About a week or so after surgery I had vertigo that was very different than I have ever had before.  I felt like I was being thrown around the room.  Literally like my body was being tossed all around.  It was horrific.  I threw up and threw up.  My brain felt like it was coming apart in my skull.  I thought I might be dying.  I was so pale Stuart called an ambulance and I was taken to the emergency room.  My darling husband and sister spent about 7 hours at the hospital with me.  The tossing around stopped when I was in the ambulance, but I still felt like I was moving.  (I got vomit on the Ambulance attendant, I was so embarrassed.  She was so sweet.)  It is very difficult being in the emergency room when you have vertigo.  They can’t really do anything.  They gave me the same medication I have at home, I was just much more uncomfortable.

Funny story, I had to pee when I was in the ER, and of course I had to use a bed pan (they gave me a huge bed pan), can you imagine how much pain that caused when I just had my hip replaced 6 days before?  I must say I’m glad they gave me such a big bed pan, but I still over flowed it.  It was a mess.  The nurses had a big laugh though, they swore I could not have held that much pee and not burst my bladder!  However, it was not a comfortable thing to change my sheets and clean me up!

I’m still having a lot of pain because of my back.  The sciatic pain is hard to deal with sometimes.  My doctor told me to wait a while before I went to the see the back doctor, he thinks it will get better when all the swelling goes down and that could take a few months.  I can’t see the swelling now, except in my foot, but I guess it’s probably still there inside.  I’m really hoping the aqua therapy will help with this again.

The only other bad thing was that my physical therapy was a little behind because of the vertigo.  Unfortunately, I missed quite a few sessions of the home PT.  However, I work hard on my own, my physical therapist was always surprised that I was as far along as I was considering hadn’t been able to keep on schedule.

Another view of my New Hip - by Dr. Springer - OrthoCarolina
Another view of my New Hip – by Dr. Springer – OrthoCarolina

I saw my doctor, Bryan Springer, MD of OrthoCarolina, exactly one month after my surgery.  The first thing he said was when he did the surgery  my hip looked pretty bad in there, then he showed me my x-ray of my new hip, and said I was doing great!  I go back to see him in 3 months!  Woo Hoo!  I did request to go to further physical therapy since I didn’t get to finish my PT at home and he was all for it.  Unfortunately, I haven’t been able to start it yet.  I’ll be doing Aquatic Therapy and the place I went before have drastically cut their hours so I’ll be going to a different place.  I’m a little nervous because the other place was very quiet and I could easily hear my therapist.  I don’t know how the new place will be, I have a LOT of trouble with my hearing so if it is the slightest bit noisy in there I may have a lot of difficulty.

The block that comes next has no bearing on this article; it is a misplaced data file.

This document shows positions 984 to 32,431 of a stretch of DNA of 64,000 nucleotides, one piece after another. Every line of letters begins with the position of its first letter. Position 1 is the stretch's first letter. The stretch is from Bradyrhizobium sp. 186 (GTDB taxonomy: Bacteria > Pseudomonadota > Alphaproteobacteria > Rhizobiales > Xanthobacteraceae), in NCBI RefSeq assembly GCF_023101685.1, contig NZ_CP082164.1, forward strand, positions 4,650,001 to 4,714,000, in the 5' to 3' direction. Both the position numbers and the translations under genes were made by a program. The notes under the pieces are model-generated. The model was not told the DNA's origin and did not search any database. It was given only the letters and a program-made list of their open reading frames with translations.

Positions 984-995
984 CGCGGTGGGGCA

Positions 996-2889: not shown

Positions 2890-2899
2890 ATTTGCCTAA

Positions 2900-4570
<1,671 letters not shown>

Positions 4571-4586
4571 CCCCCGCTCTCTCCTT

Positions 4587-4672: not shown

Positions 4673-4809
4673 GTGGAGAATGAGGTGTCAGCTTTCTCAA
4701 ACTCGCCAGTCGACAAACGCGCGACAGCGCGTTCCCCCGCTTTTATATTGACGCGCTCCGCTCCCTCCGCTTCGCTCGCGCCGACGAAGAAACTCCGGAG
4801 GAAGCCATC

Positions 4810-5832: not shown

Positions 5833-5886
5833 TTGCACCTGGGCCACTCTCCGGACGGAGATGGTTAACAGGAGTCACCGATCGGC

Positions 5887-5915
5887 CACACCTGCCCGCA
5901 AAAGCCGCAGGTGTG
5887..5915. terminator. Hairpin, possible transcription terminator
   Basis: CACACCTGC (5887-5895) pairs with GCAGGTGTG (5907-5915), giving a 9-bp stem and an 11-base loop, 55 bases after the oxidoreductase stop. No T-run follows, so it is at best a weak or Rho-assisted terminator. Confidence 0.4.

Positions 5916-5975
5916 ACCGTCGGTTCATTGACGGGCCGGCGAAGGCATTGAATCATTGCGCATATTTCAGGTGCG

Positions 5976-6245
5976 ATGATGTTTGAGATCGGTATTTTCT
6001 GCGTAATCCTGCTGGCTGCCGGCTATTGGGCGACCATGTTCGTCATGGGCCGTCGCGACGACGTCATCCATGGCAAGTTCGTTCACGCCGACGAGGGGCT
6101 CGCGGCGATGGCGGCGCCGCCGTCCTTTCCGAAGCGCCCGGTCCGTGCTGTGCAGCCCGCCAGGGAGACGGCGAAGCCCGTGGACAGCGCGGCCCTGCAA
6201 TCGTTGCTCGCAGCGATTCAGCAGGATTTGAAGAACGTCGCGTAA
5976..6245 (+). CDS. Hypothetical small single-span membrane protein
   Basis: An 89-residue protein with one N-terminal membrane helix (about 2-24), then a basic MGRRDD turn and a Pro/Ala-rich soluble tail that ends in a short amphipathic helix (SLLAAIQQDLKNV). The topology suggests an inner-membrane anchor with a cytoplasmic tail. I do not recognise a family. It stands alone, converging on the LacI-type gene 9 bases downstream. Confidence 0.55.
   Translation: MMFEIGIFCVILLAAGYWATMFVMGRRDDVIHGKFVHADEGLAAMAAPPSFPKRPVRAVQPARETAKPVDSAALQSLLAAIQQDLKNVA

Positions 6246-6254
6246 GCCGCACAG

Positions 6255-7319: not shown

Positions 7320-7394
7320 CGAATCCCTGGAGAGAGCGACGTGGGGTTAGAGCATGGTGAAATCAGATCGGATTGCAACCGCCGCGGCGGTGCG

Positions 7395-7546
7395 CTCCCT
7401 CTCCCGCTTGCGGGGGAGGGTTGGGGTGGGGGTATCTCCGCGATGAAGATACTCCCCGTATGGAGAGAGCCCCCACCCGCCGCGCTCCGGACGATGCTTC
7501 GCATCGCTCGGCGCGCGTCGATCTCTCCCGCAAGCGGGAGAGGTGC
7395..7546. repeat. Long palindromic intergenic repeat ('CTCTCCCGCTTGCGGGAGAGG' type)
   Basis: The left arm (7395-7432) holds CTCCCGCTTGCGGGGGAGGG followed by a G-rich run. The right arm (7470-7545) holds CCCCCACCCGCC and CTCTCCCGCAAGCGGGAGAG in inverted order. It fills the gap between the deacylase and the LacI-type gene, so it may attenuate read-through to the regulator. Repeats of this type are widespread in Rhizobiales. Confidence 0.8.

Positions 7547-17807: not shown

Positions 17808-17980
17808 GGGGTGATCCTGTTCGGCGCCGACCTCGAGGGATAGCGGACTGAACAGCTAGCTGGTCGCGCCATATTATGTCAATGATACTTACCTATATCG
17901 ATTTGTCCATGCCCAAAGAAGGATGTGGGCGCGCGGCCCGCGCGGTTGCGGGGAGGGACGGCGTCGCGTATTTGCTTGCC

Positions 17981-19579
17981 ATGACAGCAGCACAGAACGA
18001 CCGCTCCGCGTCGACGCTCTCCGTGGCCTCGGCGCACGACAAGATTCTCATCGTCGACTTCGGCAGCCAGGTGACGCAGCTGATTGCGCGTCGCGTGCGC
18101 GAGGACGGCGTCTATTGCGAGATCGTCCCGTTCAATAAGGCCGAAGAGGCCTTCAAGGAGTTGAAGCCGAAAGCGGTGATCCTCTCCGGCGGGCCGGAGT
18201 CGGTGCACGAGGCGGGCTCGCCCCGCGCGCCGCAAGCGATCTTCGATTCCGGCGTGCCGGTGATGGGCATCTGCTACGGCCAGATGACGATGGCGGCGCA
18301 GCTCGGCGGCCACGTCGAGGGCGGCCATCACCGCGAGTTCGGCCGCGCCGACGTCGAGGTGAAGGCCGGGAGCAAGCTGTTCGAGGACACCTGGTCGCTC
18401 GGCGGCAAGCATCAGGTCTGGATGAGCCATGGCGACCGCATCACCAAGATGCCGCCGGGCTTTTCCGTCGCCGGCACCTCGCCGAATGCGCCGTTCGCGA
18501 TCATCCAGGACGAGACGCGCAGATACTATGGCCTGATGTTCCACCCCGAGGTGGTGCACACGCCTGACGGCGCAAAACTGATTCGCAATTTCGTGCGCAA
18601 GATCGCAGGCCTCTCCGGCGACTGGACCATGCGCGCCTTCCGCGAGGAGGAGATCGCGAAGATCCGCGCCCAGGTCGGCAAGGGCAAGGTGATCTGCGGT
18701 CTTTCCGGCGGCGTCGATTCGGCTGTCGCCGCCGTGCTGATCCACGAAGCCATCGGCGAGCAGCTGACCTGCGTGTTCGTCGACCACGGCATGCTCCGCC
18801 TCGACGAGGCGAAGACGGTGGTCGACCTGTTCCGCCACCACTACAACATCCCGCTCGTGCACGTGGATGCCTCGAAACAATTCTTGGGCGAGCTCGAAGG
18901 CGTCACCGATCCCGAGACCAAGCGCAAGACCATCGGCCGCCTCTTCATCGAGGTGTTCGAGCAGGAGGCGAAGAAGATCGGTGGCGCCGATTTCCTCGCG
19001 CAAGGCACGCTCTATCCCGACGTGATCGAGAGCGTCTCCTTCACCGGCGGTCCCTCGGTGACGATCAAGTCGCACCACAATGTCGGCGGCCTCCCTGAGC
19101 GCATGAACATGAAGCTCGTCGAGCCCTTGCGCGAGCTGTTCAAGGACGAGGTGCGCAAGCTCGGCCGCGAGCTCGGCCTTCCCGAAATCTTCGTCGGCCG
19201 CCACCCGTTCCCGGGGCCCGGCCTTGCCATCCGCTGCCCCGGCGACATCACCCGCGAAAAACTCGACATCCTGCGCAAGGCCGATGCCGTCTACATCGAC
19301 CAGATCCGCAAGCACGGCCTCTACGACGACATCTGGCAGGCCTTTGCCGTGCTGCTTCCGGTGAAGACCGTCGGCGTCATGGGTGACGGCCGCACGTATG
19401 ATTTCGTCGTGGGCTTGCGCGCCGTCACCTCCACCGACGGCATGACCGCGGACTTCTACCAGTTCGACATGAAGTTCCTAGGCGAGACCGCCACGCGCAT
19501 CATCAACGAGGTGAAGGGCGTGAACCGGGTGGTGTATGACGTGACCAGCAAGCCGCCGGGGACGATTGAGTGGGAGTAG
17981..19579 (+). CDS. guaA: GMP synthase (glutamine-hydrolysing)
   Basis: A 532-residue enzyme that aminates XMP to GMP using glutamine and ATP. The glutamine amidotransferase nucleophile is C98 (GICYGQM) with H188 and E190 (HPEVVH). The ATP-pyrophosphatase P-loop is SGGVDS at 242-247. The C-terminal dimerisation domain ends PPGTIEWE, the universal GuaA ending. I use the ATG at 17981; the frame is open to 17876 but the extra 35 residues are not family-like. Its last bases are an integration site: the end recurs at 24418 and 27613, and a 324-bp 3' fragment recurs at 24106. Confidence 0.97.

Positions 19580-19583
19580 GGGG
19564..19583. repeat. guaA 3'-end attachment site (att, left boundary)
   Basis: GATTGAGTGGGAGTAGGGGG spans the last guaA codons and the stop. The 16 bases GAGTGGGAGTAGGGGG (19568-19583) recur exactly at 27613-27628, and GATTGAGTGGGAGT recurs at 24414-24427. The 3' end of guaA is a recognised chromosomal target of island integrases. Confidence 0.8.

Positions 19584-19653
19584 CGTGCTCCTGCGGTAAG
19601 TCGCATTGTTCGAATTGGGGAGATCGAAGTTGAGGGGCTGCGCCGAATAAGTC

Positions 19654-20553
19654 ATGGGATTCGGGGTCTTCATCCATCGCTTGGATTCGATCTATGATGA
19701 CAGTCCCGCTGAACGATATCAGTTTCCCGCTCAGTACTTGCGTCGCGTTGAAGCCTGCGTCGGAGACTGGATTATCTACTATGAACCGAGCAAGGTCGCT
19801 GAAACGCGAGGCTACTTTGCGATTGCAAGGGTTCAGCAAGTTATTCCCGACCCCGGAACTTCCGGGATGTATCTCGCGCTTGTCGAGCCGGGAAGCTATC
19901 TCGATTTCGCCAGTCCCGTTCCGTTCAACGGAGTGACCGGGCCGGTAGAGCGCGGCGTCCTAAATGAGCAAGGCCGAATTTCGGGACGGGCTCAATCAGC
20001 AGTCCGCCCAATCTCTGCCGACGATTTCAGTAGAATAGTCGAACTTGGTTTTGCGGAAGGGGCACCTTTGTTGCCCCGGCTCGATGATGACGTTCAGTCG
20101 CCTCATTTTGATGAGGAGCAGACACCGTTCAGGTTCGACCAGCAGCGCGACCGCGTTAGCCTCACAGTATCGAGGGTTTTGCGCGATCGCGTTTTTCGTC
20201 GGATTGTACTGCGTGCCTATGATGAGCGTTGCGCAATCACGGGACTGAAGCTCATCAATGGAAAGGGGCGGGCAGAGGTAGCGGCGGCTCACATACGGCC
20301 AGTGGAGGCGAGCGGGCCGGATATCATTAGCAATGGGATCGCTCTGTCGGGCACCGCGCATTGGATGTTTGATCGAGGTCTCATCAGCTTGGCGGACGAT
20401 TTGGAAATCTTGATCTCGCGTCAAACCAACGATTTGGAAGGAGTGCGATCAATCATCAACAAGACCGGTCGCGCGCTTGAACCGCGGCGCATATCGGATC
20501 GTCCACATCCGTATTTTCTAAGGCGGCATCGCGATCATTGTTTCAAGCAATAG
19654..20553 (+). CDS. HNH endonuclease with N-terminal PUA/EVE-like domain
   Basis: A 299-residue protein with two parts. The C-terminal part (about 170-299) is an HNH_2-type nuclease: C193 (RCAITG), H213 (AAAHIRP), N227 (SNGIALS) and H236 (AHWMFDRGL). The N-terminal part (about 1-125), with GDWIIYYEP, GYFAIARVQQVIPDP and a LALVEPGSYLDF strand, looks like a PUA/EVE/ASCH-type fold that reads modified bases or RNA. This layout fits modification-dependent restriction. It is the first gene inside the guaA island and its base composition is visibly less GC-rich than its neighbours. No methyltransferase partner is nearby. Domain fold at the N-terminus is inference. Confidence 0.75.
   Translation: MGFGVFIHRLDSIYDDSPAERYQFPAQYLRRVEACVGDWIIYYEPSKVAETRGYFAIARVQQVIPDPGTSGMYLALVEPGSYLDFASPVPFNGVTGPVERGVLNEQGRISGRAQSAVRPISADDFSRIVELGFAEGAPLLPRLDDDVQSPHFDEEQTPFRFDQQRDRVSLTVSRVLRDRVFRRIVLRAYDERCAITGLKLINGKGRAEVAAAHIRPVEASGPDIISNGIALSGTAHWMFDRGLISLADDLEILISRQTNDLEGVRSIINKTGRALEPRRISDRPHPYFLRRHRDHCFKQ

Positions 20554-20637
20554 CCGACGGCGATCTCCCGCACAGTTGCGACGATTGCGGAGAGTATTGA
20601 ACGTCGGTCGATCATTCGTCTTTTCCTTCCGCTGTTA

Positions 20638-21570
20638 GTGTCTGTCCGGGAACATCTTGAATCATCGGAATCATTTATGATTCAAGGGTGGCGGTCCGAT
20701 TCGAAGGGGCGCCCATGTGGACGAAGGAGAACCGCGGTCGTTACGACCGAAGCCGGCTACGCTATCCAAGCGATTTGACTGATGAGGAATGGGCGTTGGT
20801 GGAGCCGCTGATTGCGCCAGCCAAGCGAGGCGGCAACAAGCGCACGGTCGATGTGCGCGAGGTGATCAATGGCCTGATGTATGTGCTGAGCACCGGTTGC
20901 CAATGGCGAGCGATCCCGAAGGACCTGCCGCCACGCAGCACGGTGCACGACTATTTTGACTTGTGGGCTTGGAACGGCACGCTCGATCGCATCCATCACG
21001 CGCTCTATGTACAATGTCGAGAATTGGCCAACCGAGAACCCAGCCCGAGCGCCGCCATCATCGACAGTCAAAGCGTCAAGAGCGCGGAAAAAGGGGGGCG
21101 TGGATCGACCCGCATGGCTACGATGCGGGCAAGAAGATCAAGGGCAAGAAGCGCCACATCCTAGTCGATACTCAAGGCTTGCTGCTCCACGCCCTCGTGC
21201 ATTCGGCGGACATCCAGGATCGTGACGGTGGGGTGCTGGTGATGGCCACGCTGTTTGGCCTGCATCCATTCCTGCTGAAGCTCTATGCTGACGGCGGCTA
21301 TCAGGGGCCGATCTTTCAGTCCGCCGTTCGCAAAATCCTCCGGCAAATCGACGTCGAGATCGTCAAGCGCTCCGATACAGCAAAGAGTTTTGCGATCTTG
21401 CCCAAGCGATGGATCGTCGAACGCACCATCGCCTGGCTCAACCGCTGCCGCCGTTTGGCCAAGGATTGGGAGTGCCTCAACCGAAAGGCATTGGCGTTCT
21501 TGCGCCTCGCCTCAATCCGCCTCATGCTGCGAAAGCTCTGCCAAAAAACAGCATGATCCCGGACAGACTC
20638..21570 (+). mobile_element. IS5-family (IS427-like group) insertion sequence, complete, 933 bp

Wendy walking at 4 weeks.
Wendy walking at 4 weeks after hip replacement.

By the 4th week I was able to walk around the house with just a cane.  Now I can walk around just about everywhere with just a cane, if I didn’t need a walker for my balance issues.  I don’t put pressure on my walker though, it is there just to help me with balance so I’m putting my weight on my hip.  I’m walking a lot.  I can easily go up and down stairs, as long as I’m not too dizzy.  🙂  I can walk around the house and yard without any assistance at all…unless, of course, I need it for my balance. How cool is that??

Wendy going up and down the steps for the 5th time, at 4 weeks after hip replacement surgery.
Wendy going up and down the steps for the 5th time, at 4 weeks after hip replacement surgery.

I think I’m doing pretty good at PT by myself, but I want some guidance from a therapist about when I can stop following the “rules” I have to follow, and how hard I can push myself in certain exercises.  I know from experience I can get more range of motion exercising in the pool so I’m really looking forward to that.

For anyone out there who may be reading this who has Avascular Necrosis (AVN), I want you to know that the pain from AVN stopped the moment I had the surgery.  The pain from recovering from surgery has not been anything close to the pain of AVN.  I sincerely wish all of my illnesses could be taken care of so easily.  I do realize that this could show up in other joints, I will deal with that if it happens, until then I’m not going to worry about it.  If you are reading this and you have AVN in multiple joints I have the utmost compassion for you and hope you can find help.

*You may have notices my shirt is way too big.  I plateaued with my weight loss when the pain from the AVN started and I couldn’t move around much.  I didn’t want to get clothes that weren’t going to fit when I started to lose weight again. 🙂  It has started again…yay!  Very slowly though.  I did get the pants from Good Will so they fit pretty good.

**yes this is late, it has been more than 6 weeks since my surgery but I had a bit of trouble with my computer.  I’ll catch up a bit more soon!